Apart from being an excellent way to spend an early May evening, Nel’s lecture reminded me of why I first felt compelled to study children’s literature. While still often overlooked by broader literary studies, children’s literature represents a powerful corpus of socio-politically engaged texts; a corpus that has the power to mould attitudes and reveal truths, for better or for worse. I study children’s literature out of respect for this power and out of a desire to learn more about it. Nel’s words acted as a reminder that, as children’s literature scholars, we have a unique opportunity to open the eyes of others to just how important children’s literature continues to be. Despite happening almost two years apart, Rosoff’s and Nel’s lectures captured why the study of children’s literature is invaluable: the welcoming community and the potential to render the power of children’s literature visible to the wider world.

As Nel’s lecture evidenced, the need for books discussing a variety of experiences is palpable so I thought it only right to finish this blog post with a few recommendations:

Towers Falling by Jewell Parker Rhodes

Centred around Déjà, Towers Falling offers a meditation upon how generations who were born post-9/11 might learn about its significance. Déjà is an African American fifth grader whose family is living in a shelter Towers Falling
after losing their apartment. She does not understand why her father is always angry or ill and she does not understand why her teacher gets upset when looking out at the Manhattan skyline. Rhodes’s novel follows Déjà’s pursuit of answers to her confusion. While responses to 9/11 are not new in children’s literature and YA, Towers Falling was the first book that I read with a protagonist born after the event. Rhodes writes about race, trauma and friendship with commendable sensitivity.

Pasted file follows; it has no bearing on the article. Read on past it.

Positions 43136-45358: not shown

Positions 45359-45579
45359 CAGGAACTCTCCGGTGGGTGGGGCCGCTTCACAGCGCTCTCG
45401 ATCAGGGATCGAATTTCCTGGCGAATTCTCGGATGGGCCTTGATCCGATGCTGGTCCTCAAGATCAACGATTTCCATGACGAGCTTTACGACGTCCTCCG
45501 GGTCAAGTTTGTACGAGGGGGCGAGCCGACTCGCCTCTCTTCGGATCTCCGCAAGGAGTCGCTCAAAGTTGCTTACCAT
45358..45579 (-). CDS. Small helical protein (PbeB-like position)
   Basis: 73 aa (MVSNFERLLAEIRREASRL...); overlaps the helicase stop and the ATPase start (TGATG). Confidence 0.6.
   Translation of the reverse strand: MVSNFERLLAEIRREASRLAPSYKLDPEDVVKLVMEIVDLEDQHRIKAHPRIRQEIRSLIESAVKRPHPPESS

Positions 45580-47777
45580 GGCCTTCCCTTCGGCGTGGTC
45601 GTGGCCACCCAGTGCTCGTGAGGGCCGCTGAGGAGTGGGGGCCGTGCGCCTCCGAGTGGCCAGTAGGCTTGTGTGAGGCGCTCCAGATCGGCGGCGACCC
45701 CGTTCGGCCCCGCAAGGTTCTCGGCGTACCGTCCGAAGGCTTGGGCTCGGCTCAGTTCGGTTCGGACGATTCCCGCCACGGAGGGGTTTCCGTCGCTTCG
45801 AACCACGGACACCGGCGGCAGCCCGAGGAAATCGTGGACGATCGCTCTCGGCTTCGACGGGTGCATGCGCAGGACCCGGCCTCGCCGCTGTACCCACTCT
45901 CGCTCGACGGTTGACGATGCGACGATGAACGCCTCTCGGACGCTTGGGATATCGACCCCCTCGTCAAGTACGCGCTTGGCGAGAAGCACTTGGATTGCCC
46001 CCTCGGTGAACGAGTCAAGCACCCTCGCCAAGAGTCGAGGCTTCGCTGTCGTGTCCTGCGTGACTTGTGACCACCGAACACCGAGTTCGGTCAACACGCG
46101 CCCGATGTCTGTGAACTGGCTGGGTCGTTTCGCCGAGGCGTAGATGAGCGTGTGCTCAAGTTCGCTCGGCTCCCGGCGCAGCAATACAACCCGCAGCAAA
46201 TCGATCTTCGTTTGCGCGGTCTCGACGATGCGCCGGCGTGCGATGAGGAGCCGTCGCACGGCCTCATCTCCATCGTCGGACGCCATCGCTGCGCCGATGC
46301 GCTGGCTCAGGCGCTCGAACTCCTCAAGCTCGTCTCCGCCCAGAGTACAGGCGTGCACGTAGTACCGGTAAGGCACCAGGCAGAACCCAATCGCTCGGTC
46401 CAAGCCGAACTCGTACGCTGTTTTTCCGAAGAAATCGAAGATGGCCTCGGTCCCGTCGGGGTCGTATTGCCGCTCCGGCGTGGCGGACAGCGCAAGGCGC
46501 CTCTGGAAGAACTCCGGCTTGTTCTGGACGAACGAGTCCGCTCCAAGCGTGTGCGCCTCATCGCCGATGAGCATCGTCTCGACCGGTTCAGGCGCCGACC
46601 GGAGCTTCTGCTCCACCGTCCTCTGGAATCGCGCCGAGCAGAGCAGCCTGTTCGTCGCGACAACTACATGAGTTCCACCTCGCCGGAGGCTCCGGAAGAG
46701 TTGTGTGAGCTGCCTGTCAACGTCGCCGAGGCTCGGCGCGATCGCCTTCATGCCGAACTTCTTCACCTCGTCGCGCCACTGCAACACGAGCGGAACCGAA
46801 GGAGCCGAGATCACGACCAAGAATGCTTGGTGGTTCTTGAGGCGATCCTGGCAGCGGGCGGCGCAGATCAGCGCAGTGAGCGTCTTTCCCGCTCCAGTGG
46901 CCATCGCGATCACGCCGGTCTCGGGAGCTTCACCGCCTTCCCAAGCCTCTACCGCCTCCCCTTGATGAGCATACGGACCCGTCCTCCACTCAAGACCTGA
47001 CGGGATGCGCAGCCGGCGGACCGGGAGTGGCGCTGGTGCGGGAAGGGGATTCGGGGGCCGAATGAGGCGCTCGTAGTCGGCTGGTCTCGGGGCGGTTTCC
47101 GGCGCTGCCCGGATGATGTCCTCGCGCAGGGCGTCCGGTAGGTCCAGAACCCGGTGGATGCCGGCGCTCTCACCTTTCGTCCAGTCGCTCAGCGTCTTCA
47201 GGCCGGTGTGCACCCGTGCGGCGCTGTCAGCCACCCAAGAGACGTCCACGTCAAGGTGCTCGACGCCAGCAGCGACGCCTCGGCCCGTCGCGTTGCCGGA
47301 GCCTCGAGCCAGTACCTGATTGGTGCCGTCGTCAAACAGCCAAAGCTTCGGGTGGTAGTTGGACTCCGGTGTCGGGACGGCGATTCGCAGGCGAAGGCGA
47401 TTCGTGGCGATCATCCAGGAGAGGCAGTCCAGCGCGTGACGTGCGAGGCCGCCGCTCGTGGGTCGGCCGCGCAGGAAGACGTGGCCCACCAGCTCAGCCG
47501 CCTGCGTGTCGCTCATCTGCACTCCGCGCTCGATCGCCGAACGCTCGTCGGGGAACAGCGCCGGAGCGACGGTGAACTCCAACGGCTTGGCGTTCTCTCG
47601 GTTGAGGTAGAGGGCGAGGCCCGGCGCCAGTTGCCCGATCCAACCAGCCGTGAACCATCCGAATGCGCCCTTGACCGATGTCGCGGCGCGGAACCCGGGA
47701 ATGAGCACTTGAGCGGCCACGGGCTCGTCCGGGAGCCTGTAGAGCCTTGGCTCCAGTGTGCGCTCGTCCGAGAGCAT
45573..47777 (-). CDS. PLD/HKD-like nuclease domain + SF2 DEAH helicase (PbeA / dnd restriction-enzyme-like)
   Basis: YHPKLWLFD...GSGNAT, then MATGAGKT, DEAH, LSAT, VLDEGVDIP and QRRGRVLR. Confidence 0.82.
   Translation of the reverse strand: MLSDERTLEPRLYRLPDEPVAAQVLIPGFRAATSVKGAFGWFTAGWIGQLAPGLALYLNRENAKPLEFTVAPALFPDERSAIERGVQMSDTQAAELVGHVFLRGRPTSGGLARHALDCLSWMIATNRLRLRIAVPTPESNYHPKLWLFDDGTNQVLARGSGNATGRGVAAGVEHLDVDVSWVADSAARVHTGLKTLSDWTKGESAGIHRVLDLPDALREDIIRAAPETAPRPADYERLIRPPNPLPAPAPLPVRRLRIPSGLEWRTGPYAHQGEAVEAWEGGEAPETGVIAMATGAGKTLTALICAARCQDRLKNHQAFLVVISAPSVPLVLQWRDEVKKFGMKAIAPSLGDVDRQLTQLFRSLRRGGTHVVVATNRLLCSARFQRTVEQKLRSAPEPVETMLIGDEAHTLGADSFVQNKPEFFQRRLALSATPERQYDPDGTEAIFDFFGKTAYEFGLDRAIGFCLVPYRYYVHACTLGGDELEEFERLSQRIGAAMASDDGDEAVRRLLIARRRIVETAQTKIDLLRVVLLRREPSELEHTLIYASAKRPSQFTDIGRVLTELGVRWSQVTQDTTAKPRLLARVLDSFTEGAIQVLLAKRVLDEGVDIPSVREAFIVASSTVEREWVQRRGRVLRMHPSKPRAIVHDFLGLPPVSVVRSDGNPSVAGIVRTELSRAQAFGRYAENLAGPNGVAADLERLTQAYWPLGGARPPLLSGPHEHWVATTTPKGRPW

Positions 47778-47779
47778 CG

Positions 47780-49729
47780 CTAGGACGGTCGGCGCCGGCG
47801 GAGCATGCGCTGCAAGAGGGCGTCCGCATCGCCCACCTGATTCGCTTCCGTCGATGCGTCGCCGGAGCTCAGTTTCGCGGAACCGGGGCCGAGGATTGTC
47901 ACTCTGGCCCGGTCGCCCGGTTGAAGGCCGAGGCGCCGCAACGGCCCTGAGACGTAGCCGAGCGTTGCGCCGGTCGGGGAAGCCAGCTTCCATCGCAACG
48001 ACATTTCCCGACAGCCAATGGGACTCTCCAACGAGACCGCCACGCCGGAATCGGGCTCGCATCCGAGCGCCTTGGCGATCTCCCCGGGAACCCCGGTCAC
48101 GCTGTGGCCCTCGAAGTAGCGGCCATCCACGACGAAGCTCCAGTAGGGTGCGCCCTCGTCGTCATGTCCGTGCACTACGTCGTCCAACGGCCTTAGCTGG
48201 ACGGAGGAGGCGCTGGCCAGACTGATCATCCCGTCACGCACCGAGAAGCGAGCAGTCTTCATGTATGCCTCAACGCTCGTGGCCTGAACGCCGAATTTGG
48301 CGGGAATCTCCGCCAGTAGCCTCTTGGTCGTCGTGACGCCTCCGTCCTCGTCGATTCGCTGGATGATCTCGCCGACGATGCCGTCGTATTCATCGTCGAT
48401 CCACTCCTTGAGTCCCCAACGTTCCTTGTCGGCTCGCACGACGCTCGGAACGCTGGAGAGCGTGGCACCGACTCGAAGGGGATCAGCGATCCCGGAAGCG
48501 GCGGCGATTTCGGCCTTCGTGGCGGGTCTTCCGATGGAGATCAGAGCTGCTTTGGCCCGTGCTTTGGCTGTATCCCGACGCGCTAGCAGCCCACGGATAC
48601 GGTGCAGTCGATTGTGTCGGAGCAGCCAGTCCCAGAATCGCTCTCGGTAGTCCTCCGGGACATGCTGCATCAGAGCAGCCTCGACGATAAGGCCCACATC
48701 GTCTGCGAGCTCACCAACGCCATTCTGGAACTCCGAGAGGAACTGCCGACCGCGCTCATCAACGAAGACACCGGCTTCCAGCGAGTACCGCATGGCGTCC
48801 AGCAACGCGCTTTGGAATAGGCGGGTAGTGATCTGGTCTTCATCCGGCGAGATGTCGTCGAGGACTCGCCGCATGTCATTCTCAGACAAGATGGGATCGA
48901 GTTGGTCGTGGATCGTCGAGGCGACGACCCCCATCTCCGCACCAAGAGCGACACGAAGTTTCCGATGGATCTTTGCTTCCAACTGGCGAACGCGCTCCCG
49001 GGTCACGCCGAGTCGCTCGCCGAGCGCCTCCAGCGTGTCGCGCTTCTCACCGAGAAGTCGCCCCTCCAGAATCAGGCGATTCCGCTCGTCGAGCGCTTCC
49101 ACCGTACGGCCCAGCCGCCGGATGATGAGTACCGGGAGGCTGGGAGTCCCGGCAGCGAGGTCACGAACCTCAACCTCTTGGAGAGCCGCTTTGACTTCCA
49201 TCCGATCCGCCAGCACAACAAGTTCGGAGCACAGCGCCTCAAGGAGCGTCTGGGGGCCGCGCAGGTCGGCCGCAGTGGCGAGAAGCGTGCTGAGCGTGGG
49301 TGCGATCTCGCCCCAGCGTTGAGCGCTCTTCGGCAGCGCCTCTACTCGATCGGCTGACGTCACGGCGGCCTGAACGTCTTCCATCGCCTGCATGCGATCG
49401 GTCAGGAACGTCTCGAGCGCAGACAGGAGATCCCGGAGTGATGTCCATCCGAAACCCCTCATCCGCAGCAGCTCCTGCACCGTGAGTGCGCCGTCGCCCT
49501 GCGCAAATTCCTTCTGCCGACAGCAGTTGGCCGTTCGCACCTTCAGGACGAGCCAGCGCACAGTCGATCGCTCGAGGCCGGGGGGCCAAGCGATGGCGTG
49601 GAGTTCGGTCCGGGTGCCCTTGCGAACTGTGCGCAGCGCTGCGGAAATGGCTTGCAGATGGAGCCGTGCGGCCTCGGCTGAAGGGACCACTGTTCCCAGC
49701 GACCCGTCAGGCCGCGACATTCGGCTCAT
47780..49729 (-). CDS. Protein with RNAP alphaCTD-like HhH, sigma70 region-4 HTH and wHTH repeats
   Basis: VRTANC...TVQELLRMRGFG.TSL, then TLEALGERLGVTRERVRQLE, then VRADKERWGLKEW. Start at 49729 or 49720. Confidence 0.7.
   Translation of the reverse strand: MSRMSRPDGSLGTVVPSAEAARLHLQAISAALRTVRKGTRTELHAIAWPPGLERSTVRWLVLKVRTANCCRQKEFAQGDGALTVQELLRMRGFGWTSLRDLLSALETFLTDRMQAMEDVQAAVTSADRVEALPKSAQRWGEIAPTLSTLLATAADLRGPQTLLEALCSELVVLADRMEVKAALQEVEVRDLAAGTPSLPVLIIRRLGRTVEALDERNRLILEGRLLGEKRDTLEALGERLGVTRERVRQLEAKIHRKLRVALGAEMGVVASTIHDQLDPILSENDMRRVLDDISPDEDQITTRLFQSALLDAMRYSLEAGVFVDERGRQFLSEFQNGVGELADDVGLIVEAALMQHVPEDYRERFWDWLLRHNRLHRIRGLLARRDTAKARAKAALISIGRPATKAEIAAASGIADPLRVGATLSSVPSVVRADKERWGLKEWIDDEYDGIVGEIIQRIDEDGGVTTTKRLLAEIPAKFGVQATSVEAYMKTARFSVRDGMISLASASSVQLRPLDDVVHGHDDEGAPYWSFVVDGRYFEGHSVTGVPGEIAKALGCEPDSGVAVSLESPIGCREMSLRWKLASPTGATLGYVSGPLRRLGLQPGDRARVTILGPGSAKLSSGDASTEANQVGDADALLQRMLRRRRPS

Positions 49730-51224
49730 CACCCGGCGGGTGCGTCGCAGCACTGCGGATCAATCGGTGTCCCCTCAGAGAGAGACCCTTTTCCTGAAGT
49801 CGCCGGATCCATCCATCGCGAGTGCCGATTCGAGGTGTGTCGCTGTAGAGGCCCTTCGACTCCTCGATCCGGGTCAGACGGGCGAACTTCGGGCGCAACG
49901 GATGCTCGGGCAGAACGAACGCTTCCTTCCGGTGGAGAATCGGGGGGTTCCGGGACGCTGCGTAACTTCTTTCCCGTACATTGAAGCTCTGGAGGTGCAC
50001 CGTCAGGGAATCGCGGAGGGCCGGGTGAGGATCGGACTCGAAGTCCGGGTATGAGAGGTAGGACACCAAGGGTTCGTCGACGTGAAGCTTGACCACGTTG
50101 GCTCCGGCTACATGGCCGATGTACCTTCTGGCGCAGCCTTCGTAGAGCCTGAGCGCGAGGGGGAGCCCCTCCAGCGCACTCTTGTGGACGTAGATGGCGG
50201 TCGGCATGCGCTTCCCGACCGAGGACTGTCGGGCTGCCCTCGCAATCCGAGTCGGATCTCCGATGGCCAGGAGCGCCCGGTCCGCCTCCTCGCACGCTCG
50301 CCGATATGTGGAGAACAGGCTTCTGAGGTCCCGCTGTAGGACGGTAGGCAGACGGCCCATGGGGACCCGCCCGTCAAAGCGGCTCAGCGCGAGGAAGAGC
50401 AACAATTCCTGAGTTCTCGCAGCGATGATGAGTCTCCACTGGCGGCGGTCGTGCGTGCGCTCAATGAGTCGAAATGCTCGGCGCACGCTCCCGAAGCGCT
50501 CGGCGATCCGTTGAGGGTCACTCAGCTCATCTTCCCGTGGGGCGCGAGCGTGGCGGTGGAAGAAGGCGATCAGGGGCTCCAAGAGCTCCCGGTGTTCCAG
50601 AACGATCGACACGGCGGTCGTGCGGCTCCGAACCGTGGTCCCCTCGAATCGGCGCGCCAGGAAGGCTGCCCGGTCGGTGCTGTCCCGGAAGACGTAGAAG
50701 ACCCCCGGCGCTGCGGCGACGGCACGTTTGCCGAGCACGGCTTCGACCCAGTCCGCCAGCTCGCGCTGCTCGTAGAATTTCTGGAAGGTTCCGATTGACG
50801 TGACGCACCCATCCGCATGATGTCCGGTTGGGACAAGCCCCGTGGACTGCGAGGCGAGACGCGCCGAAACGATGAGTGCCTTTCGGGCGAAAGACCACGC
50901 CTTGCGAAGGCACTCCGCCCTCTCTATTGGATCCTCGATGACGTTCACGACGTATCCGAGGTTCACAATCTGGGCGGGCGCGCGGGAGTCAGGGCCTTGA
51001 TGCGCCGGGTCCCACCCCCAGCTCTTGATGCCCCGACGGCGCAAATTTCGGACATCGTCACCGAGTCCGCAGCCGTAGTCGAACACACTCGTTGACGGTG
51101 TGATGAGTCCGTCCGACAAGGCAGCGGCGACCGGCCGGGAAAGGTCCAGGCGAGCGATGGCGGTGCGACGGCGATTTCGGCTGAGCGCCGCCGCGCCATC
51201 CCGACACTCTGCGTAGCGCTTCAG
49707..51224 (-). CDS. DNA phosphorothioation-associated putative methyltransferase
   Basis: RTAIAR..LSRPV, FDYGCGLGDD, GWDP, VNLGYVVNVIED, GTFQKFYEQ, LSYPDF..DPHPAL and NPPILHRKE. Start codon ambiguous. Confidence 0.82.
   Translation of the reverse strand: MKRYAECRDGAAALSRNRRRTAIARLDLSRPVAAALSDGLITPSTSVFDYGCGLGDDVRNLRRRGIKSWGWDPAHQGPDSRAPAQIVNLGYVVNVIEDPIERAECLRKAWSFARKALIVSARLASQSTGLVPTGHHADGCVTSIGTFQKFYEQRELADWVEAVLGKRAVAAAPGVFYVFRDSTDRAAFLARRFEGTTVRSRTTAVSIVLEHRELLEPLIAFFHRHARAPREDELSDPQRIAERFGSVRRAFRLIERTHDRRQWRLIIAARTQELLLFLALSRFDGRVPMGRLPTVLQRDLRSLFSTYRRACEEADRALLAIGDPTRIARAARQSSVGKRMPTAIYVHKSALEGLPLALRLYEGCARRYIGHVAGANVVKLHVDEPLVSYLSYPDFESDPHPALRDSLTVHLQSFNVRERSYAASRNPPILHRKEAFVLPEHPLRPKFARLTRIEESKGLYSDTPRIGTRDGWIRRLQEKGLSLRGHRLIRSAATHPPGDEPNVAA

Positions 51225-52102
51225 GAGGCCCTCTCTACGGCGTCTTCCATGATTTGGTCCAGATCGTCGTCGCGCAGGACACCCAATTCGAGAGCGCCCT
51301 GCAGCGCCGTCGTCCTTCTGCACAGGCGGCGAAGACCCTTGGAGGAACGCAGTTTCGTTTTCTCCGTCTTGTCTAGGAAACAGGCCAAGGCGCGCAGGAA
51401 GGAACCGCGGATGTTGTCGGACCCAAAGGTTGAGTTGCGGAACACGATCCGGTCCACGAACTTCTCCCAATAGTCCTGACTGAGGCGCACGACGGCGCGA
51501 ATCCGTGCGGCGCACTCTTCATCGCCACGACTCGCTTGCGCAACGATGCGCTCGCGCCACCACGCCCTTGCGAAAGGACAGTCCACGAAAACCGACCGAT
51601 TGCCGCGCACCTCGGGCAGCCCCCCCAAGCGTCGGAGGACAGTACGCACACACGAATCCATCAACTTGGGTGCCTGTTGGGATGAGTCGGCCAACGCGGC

More Happy Than Not by Adam Silvera

more happy than notSet in the near-future, Silvera’s protagonist is Aaron Soto. Both he and his mum are struggling with grief after his father’s suicide. When Aaron’s girlfriend leaves town for a couple of weeks, he finds himself developing feelings for another boy. Due to tensions in the community, Aaron considers undergoing a memory-alteration procedure to rid himself of his feelings. A tough read at times, More Happy Than Not offers representation of intersections of queerness, race and class.


something-in-betweenSomething in Between by Melissa de la Cruz

Jasmine de los Santos is the All-American Girl: she’s a cheerleader, a top student and
she’s just received an offer of the most prestigious scholarship in the country. But, as a result of this offer, she finds out that her family are undocumented immigrants and, thus, she is not just unable to receive the scholarship but her family are in danger of being deported. While the love story at the heart of de la Cruz’s novel might seem too good to be true, Something in Between discusses political pressure and procedures enacted against undocumented families as well as reminding its readers why no human is illegal.


Happy reading, and remember that every book has the potential to provoke an opinion, challenge a mindset and change someone’s world!

One comment

  1. Ms Cameron–in your studies thus far, have you come across critical discussions of Rosoff? Are you aware of what she’s speaking to, in her recent lectures?